In "Omens Part 1" Tygra goads Lion-O into a telegraphed move during their Chase Fight game with a calculated: "When it comes to everything except the crown, you're always going to be second place." He even lampshades the effectiveness of it: "When are you gonna learn, brother?"
In "The Duelist and the Drifter", the Duelist goads Lion-O into a fight by calling him a coward. It works since he also indirectly mocks Lion-O's father Claudus in the process.
Later in the same episode, the Drifter gets in some pointed digs at Lion-O's impatience and overexertion, the better to dance circles around him.
I'm Dying, Please Take My MacGuffin: When the Thundercats flee The Siege, a wounded Jaga insists on stopping to conduct a hasty succession ritual where he presents and fits Lion-O with his father's scabbard-gauntlet, speaks an oath and powers it up by tapping it with his crozier.
Imperial Stormtrooper Marksmanship Academy: The Lizards are pretty bad shots when it comes to dealing with Lion-O and the surviving Thundercats. The Cats themselves almost equally so, the arrows fired against the Lizards hit a grand total of two targets on-screen.
Possibly justified for the Lizards: it's implied that all the hi-tech weaponry they use in the Seige had been locked up with Mumm-Ra for centuries, and they've only just been outfitted with it since Grune opened the sarcophagus. Therefore they've not had a lot of time to practice with it.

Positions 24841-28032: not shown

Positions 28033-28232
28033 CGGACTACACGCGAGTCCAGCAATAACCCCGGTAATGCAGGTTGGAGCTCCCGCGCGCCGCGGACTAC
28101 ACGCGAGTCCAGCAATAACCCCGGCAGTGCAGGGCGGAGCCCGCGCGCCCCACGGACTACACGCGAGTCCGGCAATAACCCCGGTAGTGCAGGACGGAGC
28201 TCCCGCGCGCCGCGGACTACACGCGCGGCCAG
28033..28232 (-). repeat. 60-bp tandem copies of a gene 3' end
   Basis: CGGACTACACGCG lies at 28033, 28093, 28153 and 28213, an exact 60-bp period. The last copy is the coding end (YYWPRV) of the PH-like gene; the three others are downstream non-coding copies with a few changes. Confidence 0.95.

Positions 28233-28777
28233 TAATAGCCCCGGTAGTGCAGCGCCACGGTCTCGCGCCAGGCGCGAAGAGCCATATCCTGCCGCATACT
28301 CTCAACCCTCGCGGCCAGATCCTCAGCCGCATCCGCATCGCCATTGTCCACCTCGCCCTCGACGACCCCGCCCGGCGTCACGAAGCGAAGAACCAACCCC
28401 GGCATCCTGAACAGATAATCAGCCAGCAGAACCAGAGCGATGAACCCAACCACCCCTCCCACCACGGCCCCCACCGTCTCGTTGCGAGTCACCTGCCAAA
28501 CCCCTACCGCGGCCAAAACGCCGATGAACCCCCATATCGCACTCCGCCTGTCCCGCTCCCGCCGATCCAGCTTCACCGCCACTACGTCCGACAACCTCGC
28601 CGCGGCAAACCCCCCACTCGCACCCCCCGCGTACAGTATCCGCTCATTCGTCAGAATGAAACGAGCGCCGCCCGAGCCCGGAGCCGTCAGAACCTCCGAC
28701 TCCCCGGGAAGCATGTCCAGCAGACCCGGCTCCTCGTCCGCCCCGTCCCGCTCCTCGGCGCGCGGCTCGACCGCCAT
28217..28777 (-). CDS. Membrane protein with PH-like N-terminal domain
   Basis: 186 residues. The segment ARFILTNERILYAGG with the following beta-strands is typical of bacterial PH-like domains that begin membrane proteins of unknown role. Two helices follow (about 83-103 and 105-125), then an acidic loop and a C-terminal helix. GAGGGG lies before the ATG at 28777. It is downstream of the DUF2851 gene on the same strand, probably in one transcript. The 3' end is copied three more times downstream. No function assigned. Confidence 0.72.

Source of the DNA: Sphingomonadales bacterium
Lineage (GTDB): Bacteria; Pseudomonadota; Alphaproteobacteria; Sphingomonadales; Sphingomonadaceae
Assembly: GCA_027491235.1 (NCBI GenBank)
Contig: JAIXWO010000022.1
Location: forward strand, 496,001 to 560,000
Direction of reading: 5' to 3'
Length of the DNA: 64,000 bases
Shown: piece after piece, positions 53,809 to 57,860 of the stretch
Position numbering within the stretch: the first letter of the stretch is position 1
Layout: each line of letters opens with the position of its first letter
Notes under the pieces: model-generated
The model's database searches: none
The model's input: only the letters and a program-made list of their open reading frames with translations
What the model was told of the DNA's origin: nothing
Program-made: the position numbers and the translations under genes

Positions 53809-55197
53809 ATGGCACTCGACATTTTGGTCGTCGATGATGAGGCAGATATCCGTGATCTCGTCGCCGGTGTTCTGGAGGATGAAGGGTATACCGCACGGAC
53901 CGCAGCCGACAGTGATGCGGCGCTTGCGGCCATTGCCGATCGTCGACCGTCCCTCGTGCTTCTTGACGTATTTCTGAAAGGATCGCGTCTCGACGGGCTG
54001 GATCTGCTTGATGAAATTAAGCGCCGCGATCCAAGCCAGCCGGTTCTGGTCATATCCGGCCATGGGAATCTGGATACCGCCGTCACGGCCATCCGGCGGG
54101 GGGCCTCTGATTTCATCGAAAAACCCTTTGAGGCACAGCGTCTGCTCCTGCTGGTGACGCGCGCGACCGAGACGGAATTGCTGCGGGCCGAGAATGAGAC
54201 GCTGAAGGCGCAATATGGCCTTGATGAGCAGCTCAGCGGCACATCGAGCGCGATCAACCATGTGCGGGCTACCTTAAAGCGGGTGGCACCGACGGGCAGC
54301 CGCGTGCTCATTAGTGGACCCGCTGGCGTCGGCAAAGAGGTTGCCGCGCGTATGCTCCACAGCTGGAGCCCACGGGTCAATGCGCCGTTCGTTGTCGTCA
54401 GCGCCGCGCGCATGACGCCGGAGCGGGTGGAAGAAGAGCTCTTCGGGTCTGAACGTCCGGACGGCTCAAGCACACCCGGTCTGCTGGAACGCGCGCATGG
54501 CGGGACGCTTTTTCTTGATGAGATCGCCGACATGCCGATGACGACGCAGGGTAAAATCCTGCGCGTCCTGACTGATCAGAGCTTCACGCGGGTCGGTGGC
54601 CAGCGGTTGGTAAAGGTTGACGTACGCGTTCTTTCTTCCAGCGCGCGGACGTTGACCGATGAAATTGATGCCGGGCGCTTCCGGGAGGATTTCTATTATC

Impossible Task: A sullen and paranoid Grune discusses his and Panthro's thus-far futile search for the Book of Omens this way, rapidly escalating into declaring it a Snipe Hunt and a Uriah Gambit engineered by Claudus purely to get him out of the Kingdom. Panthro can only snap incredulously at him, and wonder why Grune is ranting about Claudus fearing his ambition.
Inexplicably Tailless: In-story, there has thus far been no explanation as to why lowerclass Cats like the Thunderkittens have tails, while the upperclass do not. However, it's All There in the Manual that tails are the distinguishing marker of Thundera's Fantastic Caste System. In particular, Panthro has an obvious tail in flashbacks but none in the present.
In a brief flashback in "Between Brothers", we see a younger Panthro, without the muttonchops and scars; he looks just like his classic incarnation.
Internal Reveal: When they're Locked in the Dungeon, Lion-O admits to Tygra that he saw a vision of Mumm-Ra in the Sword of Omens just the day before. Tygra does not take this well.
Ironic Echo: The defeat of your enemy is worth any sacrifice.
"You like her, don't you?" Both times spoken to Lion-O about two very different women. The first time he denies it, but the second...
Irony: Between Lion-O and Tygra, each brother wants what the other has. Tygra wants the throne and can never have it, Lion-O really doesn't want to be king all that badly but was chosen for it, all he wants is to beat his brother at something and never can.
In "Recipe for Disaster" Cheetara comments that Pumyra "isn't exactly the friendliest cat" only for it to be immediately followed by a scene of her tenderly helping a baby creature back to its nest.
It Got Worse: In the two minute short, "Snarf: Butterfly Blues," Snarf's life gets difficult the very second after an infant Lion-O sees a butterfly.